Like they say, go read the whole thing.
 

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Iowans split on party lines as House approves health care reform

After many hours of debate, the House of Representatives approved HR 2962, the Affordable Health Care for America Act tonight by a vote of 220-215. In a nice touch, Representative John Dingell (MI-15) presided over the chamber today. He was one of the architects of the original Medicare bill.

President Barack Obama went to the Capitol this morning to urge House Democrats to pass the bill. But as you can see from the roll call, 39 Democrats voted no. All of Iowa’s Democrats voted “aye.” Only one House Republican voted for the bill (Joseph Cao, representing the heavily Democratic LA-02).

I am upset that no House Progressives were allowed to offer amendments today, but Bart Stupak (MI-01) was able to further restrict women’s access to abortion services. His amendment is a very bad deal for women. I’m with Angry Mouse: this is not okay.

The Stupak amendment passed 240-194, gaining 64 Democratic votes (roll call here). That’s almost a quarter of the House Democrats. An embarrassing number of Democrats who aren’t even in the Blue Dog caucus voted for it. As Natasha Chart tweeted tonight, the Stupak amendment is exactly the kind of thing a Democratic majority was supposed to stop from coming to the floor. The DCCC won’t get a dime from me this cycle.

Supposedly Obama told progressives this morning he will try to have the Stupak provision removed from the bill in conference. I would bet money against that happening. I expect to see bipartisan movement to include a similar clause in the Senate health care bill.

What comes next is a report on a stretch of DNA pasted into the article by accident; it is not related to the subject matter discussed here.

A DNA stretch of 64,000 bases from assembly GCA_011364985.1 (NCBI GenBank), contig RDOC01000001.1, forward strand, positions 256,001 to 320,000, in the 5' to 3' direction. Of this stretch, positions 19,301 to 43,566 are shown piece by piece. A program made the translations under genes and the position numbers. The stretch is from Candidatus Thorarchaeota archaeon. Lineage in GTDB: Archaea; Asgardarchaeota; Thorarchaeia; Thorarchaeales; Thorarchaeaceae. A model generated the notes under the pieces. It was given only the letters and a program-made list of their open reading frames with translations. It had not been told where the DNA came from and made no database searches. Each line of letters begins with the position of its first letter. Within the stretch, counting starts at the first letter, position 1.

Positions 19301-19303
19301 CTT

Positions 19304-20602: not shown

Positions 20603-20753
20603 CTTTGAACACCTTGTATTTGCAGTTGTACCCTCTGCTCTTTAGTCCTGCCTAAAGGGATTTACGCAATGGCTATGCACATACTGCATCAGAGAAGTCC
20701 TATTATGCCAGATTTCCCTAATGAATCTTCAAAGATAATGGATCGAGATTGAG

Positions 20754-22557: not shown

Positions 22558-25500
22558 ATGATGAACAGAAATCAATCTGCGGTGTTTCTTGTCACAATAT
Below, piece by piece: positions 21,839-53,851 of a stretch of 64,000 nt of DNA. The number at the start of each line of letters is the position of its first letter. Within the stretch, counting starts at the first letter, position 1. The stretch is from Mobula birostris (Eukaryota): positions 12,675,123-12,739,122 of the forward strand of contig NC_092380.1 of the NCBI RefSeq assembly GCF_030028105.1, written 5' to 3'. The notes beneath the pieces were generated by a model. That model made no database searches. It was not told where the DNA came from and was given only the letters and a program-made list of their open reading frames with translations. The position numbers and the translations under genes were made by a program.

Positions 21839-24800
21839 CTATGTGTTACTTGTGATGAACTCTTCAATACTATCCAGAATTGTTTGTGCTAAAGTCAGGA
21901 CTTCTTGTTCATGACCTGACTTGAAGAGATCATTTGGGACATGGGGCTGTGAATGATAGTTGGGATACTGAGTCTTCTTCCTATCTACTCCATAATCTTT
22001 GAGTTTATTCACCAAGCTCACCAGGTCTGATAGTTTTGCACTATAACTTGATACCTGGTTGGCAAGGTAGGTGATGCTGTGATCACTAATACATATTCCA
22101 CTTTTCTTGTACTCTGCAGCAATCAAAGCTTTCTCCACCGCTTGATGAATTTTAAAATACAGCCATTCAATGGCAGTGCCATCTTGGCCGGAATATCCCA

According to Jane Hamsher, the AFL-CIO may cut off contributions to Democrats who vote against health care reform. Again, I would bet money against this happening, but some Blue Dogs would have trouble funding their re-election campaigns without support from organized labor.

Speaking of Blue Dogs, I want to give special credit to Leonard Boswell (IA-03) tonight. Unlike most of his fellow Blue Dogs, he voted no on the Stupak amendment and yes on passing the bill.

Bruce Braley (IA-01) noted tonight that we hear a lot of Republican talk about medical liability, but not one word about medical safety.

Also worth noting: the future of the State Children’s Health Insurance Program is uncertain. As fairleft2 notes in this diary, the House bill moves children either to Medicaid or into private plans. It’s not clear whether this provision could pass the Senate.

Meanwhile, a new poll from Virginia suggests opposing the public health insurance option was disastrous for Democratic gubernatorial candidate Creigh Deeds.

Share your own health care reform thoughts in this thread.

UPDATE: Jacob Hacker, “godfather” of the public health insurance option, thinks the House bill is worth supporting. Whether the public option can survive a House/Senate conference committee is another question. A few days ago the Stupak amendment was considered a “poison pill” that would doom the health care reform effort, but last night House Progressives almost all voted for the bill even after the Stupak amendment passed. I think that signals the death of the “progressive block” strategy for demanding a public option in the final version of health care reform.